• I’ve read a little Steinbeck fiction – Cannery Row is a huge favourite – but I’d also recommend his non-fiction. Travels with Charley… and A Russian Journal are excellent.

    • Emma also recommended Travels with Charley!. I loved Cannery Row – that scene where they go off hunting for frogs is hilarious.

  • I’ve heard of but not read a handful of these, Karen, reminding me that I have quite a few books from around the world to either get round to or even finish—Russia, China, Colombia, Nigeria, Mexico, Poland and Pakistan for starters—so hopefully I’ll get stuck in this summer and autumn. Good luck with your armchair travels!

    • I have a number of other countries to visit too – would love to do more of this armchair travelling because I love learning about cultures beyond my own

  • What a great list! I’ll have to bookmark it to come back to on my own quest to journey around the world through books. I can recommend The Makioka Sisters and The Grapes of Wrath.

    • The Makioka Sisters seems to be a popular choice based on the comments here Lory.

  • I love all of Steinbeck’s novels, but Grapes of Wrath is one of his most powerful. And I love Gabriel Garcia Marquez, but I found Love in the time of Cholera quite intolerable.

    • Oh good, I have found someone at last who seems to have had similar issues with Love in the time of Cholera. I just couldn’t get far into it at all

  • Great idea Karen. I’ve read 3, 6 and 10, and recommend them all. I started 7, but just couldn’t finish it, though I have kept it because I feel it was a matter of timing. I love his non-fiction book, Istanbul, and can recommend that. It’s one of those books that has stuck with me, and I enjoyed his novel, Snow. Some of your others interest me a lot, and some just a bit!!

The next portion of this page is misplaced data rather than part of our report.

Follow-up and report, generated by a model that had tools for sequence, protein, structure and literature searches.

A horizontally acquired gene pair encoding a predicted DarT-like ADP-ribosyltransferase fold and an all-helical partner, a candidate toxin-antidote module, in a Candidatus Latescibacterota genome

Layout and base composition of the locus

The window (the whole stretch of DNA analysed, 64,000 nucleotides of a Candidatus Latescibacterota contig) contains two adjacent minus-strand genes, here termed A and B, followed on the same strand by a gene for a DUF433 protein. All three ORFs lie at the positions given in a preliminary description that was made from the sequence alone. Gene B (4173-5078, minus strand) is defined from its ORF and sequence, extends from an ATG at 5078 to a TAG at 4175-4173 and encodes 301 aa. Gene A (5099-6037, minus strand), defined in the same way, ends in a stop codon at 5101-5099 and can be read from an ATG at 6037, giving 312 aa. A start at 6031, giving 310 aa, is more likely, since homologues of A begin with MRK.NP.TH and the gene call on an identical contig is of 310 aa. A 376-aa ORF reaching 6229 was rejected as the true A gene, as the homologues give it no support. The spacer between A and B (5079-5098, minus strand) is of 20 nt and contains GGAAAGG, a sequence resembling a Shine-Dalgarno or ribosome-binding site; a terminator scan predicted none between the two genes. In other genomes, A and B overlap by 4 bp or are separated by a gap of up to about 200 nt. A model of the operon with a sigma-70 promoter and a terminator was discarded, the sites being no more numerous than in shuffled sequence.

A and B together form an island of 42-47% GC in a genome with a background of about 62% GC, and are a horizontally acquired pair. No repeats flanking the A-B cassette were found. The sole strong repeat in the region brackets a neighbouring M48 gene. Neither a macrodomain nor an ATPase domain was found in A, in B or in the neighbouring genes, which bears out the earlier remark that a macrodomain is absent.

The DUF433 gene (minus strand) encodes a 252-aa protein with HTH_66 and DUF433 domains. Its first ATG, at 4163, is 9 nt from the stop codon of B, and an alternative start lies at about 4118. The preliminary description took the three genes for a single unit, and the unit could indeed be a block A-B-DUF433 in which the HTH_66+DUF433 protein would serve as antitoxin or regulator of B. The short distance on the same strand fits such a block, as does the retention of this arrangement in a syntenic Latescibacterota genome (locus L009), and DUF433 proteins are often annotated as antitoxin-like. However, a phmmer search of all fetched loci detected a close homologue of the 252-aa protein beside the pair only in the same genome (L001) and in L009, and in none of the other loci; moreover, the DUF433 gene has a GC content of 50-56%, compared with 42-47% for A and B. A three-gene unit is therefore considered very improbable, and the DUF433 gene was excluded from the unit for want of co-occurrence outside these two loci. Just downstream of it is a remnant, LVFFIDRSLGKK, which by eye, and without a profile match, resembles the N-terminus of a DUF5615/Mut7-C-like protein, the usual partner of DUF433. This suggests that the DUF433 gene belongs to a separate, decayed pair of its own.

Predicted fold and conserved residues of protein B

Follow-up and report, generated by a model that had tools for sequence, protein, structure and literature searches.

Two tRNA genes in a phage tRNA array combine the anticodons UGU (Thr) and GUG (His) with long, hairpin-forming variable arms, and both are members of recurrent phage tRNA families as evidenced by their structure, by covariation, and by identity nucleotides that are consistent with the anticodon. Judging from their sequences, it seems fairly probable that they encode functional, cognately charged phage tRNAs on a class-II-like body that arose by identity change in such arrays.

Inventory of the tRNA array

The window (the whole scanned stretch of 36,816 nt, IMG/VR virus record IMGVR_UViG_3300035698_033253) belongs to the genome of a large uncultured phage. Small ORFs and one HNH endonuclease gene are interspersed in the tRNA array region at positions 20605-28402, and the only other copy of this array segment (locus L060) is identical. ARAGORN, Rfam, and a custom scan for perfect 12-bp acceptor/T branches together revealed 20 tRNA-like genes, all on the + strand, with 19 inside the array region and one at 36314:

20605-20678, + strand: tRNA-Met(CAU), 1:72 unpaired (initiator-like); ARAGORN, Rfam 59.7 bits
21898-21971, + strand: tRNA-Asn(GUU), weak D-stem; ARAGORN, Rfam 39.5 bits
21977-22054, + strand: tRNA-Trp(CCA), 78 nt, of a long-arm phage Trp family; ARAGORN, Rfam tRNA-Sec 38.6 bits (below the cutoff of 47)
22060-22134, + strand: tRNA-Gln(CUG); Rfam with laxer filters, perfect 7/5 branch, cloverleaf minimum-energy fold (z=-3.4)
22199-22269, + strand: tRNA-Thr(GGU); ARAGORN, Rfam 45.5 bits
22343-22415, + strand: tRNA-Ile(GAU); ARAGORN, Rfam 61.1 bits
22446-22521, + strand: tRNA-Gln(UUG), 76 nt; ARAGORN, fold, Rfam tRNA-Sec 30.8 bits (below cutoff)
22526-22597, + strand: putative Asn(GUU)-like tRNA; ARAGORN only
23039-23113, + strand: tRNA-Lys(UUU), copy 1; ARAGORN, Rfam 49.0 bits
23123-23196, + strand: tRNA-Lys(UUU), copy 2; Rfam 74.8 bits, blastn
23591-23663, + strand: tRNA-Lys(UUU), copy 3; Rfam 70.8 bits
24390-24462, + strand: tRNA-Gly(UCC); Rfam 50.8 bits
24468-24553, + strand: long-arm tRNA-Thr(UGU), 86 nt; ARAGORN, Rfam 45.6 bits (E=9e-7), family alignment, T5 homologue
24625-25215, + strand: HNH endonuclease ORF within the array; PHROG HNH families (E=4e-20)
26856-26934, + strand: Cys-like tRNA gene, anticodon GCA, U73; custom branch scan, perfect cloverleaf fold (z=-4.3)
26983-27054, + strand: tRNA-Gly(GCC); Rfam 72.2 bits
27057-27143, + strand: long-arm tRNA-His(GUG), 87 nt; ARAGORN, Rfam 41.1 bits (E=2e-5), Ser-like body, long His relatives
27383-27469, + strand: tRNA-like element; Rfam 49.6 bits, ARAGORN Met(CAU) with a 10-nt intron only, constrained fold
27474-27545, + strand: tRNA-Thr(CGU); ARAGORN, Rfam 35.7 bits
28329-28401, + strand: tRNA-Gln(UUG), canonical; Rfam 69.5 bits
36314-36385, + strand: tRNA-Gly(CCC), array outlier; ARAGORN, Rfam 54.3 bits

• Interesting comment about Pamuk – I tried reading Snow a few years ago but couldn’t get enthused by it so abandoned it about a quarter of the way through

      • Hmmm…then I’ll be interested to see if you like My name is red. But, who knows?

  • Great post, Karen. How I’d love to be doing the real thing but books are the next best way to travel. I remember enjoying The Makioka Sisters quite some time ago. Thanks for reminding me of it.

    • I’d never heard of it but it seems there are quite a number of bloggers who have – and all have said they enjoyed it so it must be good!

      Armchair travel is the only variety I am going to be doing this year

  • Looking at my Around the World reading challenge, I have gaps for Portugal, Brazil and Columbia (although read Love many, may years ago).

    • I hope this list helps fill in some of the gaps for you. I have gaps in some of the African countries but I suspect its because there is so little literature from them and even less has been translated.

  • wadholloway

    I’m glad I’ve read one of them anyway. Grapes of Wrath of course which has some interesting trucks. I have Love in the time of Cholera in my Audible library, so I’ll get to it. After that they all sound good, but perhaps the French SF.

    • I had a giggle reading your comment about Steinbeck’s inclusion of trucks in his narrative. Do you keep a list of books which feature trucks???

      • wadholloway

        Not really, but by its nature as a road story there are quite a few trucks in GoW so I used that as a way into my review.

  • Grapes of Wrath is one of my top 3 books of all time. I’ve read it three times and will probab,y read it again. 🐧❤

    • It’s good fun doing a list post – I always come across books I’d forgotten I had

    • Sorry not to have replied earlier Chelsea, your comment got trapped in my spam folder unfortunately. But absolutely agree with you – I don’t think, even if travel restrictions were lifted, I’d feel comfortable getting on a plane/ferry right now


We're all friends here. Come and join the conversation

This site uses Akismet to reduce spam. Learn how your comment data is processed.

%d bloggers like this: